Wednesday, April 16, 2014
Not so secret sin
A phone call from my mother years ago--I think I was in college--included other news, I'm sure, but what she said after a deep breath is something I've never forgotten, even though it was then and it remains today something of a cliche: a pastor in town had run off with the organist.
My mother's piety created no shadows. I lived most of my life simply assuming that I never could be as holy as she tried to be, and she had lots of not-so-subtle ways of letting me know that it was, to her, quite evident. But this scandal had her brow-beaten, even though it hadn't happened in her own church. The whole town felt sunless, darkened. When a man of God breaks trust, things fall apart, she said. What's damaged can't be mended easily, so the holy fortress around God's people felt to her somehow left unguarded.
I may be wrong, but I think I remember her breath staggering when she told me all of that. I'm not even sure she knew the preacher. No matter. The heart of the community was staggering in an unholy atrial fibrillation.
Rev. Arthur Dimmesdale uses the potential plight of the community as an excuse for not owning up to what he did with Hester Prynne, a lonely and vulnerable young woman who came to him in the night for love-making Hawthorne tastefully keeps in the antecedent action of Scarlet Letter. Hester suffers very publicly for what the two of them did, but Dimmesdale appears to get away with it and tells her that he really can't confess because of the moral pain the community will suffer. That's why he keeps his blasted mouth shut.
I rarely if ever stumbled on a student--especially female--who bought Rev. Arthur Dimmesdale's community-ethos excuse, and I'm not sure my mother would have either. But she would have understood what Dimmesdale argues: that him--the preacher--confessing his sin publicly would have violated trust and faith itself among the people.
Similar stories occur with such regularity that they can't really be considered news, and it's now happened again in Florida, this time to a preacher with a church of almost 20,000 members. I'm sure it happened more than once in the last month, but most fellowships don't have that many souls, and most of those who preach-and-cheat don't write hot selling how-tos about sweet and holy marriage. This man knows what God wants in a marriage. He wrote the book on it, authored a series titled Building a Godly Marriage. You can probably still pick it up at your local Christian bookstore. Stimulating reading, I'm sure.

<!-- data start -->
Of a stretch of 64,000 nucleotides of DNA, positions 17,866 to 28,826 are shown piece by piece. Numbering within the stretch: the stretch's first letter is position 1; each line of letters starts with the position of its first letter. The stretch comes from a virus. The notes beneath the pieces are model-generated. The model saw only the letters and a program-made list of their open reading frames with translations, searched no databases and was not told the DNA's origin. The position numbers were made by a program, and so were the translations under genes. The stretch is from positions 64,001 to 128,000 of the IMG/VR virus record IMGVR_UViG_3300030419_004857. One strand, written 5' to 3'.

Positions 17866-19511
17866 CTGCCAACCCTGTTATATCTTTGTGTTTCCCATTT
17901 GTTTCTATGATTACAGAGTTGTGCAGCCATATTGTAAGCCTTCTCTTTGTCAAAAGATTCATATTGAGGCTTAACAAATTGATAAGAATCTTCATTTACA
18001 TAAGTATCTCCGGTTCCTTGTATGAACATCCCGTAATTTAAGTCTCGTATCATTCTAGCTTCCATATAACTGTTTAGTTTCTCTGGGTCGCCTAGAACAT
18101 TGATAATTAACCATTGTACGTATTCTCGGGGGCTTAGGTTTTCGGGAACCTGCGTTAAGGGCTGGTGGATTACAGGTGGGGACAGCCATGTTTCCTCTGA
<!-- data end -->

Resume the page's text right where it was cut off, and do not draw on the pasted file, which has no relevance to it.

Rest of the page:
It's almost impossible not to say, what the hell does he know?
My mother would cry. Maybe I should.
Hawthorne found it rather interesting that phony-baloney Dimmesdale gets better in the pulpit after his secret sin, an effect which is understandable because once his own heart knows its own darkness, he speaks more vividly into the hearts of others.
Becoming a more effective preacher is not a reason for any Rev. John Doe to look up a woman's skirt of course, but Arthur Dimmesdale becomes the finest preacher in town, gets the nod for the Election Sermon, and does it all because he damned well knows how damned he is. Seriously.
According to Christianity Today, this Florida preacher's sin created a run on his holy podcasts until his church pulled them off the web site because some sinners were already starting to use them sinfully--think, say, of Jon Stewart or Stephen Colbert. But CT claims that many who were requesting the preacher's how-tos, post-revelation, still felt them current and even beneficial. Maybe even more so. Isn't that interesting?
What was true for Dimmesdale may well be true for the mega-pastor, after all. I wouldn't mind reading through his godly advice on your and my marriages, knowing that when he wrote them his heart had to be wrenched into something grotesque by his own blessed guilt. He probably wasn't lying one bit. He simply wasn't living by the principles he was telling the rest of us to take to heart.
"How to's" sell today. As a culture--as a Christian culture especially--we simply can't get enough advice from between the covers of the books we buy and read by the thousands. This fine Florida preacher--he had to be terrific from the pulpit as well as from the podcast--authors an entire course titled Building a Godly Marriage at the same moment in time he's screwing up his own.
Still, what I remember best about that long-ago phone call is my mother's hurt. Seriously. I don't even remember the preacher's name.
And this is Easter week, as my father used to announce at our family devotions. It is Easter week and that may well be the best reason for me curb my sharp tongue and try to imagine instead what Jesus Christ our Lord would almost certainly say about the hypocrite preacher caught in the wrong sack.
I think I know, and this is no how-to.
He'd point gently and tell Florida's Dimmesdale to go and sin no more. I bet he would. He did it before after all.
He'd probably turn to me too, pull up an eyebrow, and say, "Let him who is without sin--." Then he'd get down on his haunches, grab a handful of gravel, and give me a lordly smile, maybe a little bit wry, because he'd know very well that I know and you know too.
Holy Jesus. When he walked the dusty streets, and when he hung there on that cross of shame, he had to be divine.
Posted by J. C. Schaap at 6:00 AM